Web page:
Purpose: Insight into emotional distress of cancer survivors from ethnic minority groups in Europe is scarce. We aimed to compare distress levels of survivors from ethnic minorities to that of the majority population, determine whether the association between having cancer (yes vs. no) and distress differs among ethnic groups and investigate sociocultural correlates of distress. Methods: Cross-sectional data were derived from HELIUS, a multi-ethnic cohort study conducted in the Netherlands. Of 19,147 participants, 351 were diagnosed with cancer (n = 130 Dutch, n = 75 African Surinamese, n = 53 South-Asian Surinamese, n = 43 Moroccan, n = 28 Turkish, n = 22 Ghanaian). Distress (PHQ-9, MCS-12) and correlates were assessed by self-report. Cancer-related variables were derived from the Netherlands Cancer Registry. Results: Survivors were on average 7 years post-diagnosis. Survivors from South-Asian Surinamese, Moroccan, Turkish and Ghanaian origin reported more distress than survivors from Dutch origin (effect sizerange: 0.44–1.17; adjusted models). The association between having cancer or not with distress differed in direction between Dutch and the non-Dutch ethnic groups: Non-Dutch cancer patients tended to have more distress than their cancer-free peers, whereas Dutch cancer patients tended to have less distress than their cancer-free peers. For Moroccan and Turkish patients, the acculturation style of separation/marginalization, compared to integration/assimilation, was associated with higher depressive symptoms. In analyses pooling data from all ethnic minorities, lower health literacy, lower emotional support satisfaction and younger age at the time of migration were associated with higher depressive symptoms. Lower health literacy, fewer emotional support transactions, and more frequent attendance at religious services were associated with worse mental health. Conclusion: Cancer survivors from ethnic minorities experience more distress than those from the majority population. Culturally sensitive supportive care should be considered.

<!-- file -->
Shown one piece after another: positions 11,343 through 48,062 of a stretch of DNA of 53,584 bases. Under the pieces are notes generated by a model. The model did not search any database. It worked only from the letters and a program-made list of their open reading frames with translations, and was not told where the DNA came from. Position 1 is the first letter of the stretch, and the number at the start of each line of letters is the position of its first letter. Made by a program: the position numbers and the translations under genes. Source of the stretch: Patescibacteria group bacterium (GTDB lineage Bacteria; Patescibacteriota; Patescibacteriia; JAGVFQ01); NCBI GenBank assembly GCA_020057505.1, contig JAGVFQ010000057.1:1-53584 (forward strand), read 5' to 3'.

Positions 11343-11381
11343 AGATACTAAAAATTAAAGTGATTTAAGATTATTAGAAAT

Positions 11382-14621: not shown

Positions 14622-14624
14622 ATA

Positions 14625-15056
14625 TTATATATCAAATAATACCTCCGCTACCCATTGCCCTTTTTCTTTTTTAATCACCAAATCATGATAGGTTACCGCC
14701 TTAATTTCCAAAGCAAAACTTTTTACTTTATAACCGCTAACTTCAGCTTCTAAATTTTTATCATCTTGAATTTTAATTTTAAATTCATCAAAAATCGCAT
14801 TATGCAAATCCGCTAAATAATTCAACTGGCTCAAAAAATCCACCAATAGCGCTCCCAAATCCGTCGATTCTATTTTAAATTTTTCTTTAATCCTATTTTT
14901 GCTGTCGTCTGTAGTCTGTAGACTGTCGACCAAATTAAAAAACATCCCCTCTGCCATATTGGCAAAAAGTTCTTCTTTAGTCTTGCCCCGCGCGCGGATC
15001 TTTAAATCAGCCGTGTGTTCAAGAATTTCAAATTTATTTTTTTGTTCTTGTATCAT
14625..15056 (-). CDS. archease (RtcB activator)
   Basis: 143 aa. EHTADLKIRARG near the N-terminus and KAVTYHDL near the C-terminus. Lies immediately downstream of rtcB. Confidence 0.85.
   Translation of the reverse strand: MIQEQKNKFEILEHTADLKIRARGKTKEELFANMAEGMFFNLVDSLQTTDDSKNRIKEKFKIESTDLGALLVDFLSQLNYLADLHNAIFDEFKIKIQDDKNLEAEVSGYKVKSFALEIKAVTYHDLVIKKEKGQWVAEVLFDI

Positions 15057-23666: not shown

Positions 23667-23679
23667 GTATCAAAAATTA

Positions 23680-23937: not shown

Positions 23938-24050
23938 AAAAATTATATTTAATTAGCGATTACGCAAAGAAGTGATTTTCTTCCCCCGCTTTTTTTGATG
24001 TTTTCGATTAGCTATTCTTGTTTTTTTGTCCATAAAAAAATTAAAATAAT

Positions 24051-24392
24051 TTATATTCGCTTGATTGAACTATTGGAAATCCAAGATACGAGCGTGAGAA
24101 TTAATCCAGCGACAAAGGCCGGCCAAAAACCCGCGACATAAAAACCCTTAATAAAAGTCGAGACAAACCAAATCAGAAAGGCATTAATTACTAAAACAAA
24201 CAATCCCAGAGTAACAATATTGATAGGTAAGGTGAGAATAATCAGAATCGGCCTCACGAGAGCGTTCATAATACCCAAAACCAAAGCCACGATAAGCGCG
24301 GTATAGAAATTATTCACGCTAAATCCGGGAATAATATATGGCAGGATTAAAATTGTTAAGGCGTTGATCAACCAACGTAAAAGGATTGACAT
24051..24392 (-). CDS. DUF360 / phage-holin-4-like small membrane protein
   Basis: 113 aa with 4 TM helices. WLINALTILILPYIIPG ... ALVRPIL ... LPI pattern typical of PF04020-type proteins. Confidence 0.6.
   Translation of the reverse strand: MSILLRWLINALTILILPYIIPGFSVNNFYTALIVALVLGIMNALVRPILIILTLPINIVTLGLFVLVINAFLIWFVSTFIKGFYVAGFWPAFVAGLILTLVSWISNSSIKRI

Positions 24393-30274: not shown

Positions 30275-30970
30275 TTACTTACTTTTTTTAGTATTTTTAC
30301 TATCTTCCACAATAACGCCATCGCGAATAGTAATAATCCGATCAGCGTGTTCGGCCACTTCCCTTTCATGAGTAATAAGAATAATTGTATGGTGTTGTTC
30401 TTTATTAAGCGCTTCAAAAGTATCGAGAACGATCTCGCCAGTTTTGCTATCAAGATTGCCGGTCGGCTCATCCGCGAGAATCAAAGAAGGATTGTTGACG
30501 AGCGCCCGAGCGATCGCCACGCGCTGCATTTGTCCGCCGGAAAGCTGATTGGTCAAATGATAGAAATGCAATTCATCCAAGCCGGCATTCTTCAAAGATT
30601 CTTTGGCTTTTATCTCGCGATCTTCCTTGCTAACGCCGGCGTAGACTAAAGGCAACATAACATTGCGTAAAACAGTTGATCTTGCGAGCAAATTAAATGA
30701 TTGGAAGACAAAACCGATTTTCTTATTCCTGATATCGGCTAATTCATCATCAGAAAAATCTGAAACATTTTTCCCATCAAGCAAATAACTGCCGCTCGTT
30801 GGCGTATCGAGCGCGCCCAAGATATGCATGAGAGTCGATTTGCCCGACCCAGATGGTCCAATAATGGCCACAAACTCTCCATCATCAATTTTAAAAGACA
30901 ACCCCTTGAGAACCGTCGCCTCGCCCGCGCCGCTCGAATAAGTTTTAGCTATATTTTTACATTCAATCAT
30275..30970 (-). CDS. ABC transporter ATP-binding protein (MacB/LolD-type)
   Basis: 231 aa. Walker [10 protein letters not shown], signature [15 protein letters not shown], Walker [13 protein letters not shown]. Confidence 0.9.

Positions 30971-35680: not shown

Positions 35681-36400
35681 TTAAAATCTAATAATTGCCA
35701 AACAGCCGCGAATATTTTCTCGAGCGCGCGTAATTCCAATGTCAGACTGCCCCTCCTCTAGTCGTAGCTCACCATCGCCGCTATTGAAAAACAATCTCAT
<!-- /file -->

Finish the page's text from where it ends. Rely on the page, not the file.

Original languageEnglish
Pages (from-to)1412-1423
Number of pages12
Issue number9
Early online date2023
Publication statusPublished - Sept 2023


  • anxiety
  • cancer
  • depression
  • distress
  • ethnicity
  • mental health
  • oncology
  • psycho-oncology
  • supportive care
  • survivorship

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